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Hardcover Great Tales of Terror and the Supernatural Book

ISBN: 0679601287

ISBN13: 9780679601289

Great Tales of Terror and the Supernatural

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Book Overview

When this longtime Modern Library favorite--filled with fifty-two stories of heart-stopping suspense--was first published in 1944, one of its biggest fans was critic Edmund Wilson, who in The New... This description may be from another edition of this product.

Customer Reviews

4 ratings

The Mount Everest of scary anthologies

I am now on my second copy of of the Wise and Fraser anthology. I read my first copy (purchased in the late 1950's)to death. Over many years this book has remained one of the greatest anthologies of scary stories ever put toghter. As the title implies it is broken into two parts; stories that have terrifying situations and supernatural stories. It was first published in 1944 so do not look for stories by Stephen King or Cliver Barker. What you will find are wonderful stories that either already were or have become classics.The terror stories include some adventures such as Connell's, "The Most Dangerous Game," and Collins' "Terribly Strange Bed." The Supernatural stories include greats such as M. R. James', "Casting the Runes" and Edward White's, "Lukundoo." (If "Lukundoo" does not make your skin crawl I suggest that you have your skin on too tight) There is also E.F. Benson's, "Mrs. Amworth" which I believe to be the best short vampire story ever written.Here are 52 stories packed into an anthology tht belongs on the shelf of anyone who likes scary stories and is a basic staple on the shelf of a collector.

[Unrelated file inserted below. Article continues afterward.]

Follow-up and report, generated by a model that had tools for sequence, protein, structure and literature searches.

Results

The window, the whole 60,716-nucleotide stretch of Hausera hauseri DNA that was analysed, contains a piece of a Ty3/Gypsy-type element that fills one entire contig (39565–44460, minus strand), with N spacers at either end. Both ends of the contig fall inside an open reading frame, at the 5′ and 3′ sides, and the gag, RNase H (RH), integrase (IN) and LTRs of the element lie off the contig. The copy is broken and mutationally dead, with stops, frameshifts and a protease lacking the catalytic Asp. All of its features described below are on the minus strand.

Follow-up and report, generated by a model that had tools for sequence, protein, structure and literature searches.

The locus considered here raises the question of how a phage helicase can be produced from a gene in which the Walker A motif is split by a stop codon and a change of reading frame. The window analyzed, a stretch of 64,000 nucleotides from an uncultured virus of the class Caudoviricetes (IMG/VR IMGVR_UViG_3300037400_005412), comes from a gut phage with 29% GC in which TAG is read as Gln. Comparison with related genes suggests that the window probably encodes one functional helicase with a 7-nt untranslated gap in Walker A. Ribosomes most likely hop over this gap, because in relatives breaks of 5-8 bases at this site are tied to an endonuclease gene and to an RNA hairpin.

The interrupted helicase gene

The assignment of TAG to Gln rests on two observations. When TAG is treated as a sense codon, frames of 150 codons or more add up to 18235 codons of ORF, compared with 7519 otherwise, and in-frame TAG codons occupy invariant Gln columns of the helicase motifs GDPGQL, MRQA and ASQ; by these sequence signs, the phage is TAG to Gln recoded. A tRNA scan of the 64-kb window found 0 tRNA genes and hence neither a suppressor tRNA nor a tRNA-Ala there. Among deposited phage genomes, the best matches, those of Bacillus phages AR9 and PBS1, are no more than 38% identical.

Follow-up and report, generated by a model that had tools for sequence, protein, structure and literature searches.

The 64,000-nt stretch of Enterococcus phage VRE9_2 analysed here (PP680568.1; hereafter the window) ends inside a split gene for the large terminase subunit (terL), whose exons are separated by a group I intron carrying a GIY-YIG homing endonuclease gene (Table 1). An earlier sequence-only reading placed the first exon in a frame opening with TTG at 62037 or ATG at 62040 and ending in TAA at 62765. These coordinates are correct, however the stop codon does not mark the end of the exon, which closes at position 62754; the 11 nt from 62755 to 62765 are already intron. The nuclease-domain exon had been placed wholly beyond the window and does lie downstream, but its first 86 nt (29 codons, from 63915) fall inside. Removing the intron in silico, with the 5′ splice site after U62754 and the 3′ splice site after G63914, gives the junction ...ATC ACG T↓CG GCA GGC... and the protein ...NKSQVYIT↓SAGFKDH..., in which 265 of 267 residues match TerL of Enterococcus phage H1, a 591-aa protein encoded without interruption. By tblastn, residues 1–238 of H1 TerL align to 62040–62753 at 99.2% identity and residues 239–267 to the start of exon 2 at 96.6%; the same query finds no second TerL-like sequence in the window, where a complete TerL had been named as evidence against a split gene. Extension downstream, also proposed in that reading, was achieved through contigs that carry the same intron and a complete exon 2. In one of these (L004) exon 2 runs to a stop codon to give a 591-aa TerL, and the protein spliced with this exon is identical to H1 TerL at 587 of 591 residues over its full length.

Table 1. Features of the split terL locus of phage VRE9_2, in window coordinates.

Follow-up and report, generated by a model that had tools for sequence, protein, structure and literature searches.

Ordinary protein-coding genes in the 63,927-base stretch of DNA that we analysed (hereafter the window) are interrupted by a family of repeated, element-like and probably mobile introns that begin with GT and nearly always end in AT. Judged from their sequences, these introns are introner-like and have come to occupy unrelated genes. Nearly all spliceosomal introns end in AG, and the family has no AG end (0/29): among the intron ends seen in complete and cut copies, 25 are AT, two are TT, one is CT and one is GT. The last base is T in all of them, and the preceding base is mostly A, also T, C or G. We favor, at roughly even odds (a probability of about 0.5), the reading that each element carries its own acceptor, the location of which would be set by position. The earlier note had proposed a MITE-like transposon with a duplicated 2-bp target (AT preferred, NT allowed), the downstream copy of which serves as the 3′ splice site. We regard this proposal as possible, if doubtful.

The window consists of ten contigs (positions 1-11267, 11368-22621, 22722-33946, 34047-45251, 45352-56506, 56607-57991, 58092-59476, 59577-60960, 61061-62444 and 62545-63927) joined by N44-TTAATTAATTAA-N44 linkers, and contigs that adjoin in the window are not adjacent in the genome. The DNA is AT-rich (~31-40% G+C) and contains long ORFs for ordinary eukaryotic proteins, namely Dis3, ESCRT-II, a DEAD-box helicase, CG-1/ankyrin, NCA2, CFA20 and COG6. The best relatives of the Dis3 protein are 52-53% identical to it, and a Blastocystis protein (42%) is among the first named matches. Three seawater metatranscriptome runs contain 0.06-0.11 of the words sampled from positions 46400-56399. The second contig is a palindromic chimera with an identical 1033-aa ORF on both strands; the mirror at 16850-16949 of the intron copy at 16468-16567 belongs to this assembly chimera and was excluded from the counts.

THE high water mark of the horror/supernatural anthology.

Great Tales of Terror and the Supernatural is just that, a collection of some of the GREATEST tales of terror and the supernatural ever written. This book contains a breath snatching list of both classic tales (Poe's The Black Cat, Faulkner's A Rose for Emily, Lovecraft's The Rats in the Walls and The Dunwich Horror, as well as James's Casting the Runes) with some lesser known jewels, my favorite being H.G. Wells sea monster yarn The Sea Raiders. This collection is an essential in any well rounded library, even if you are not typically a horror or ghost story fan.

A feast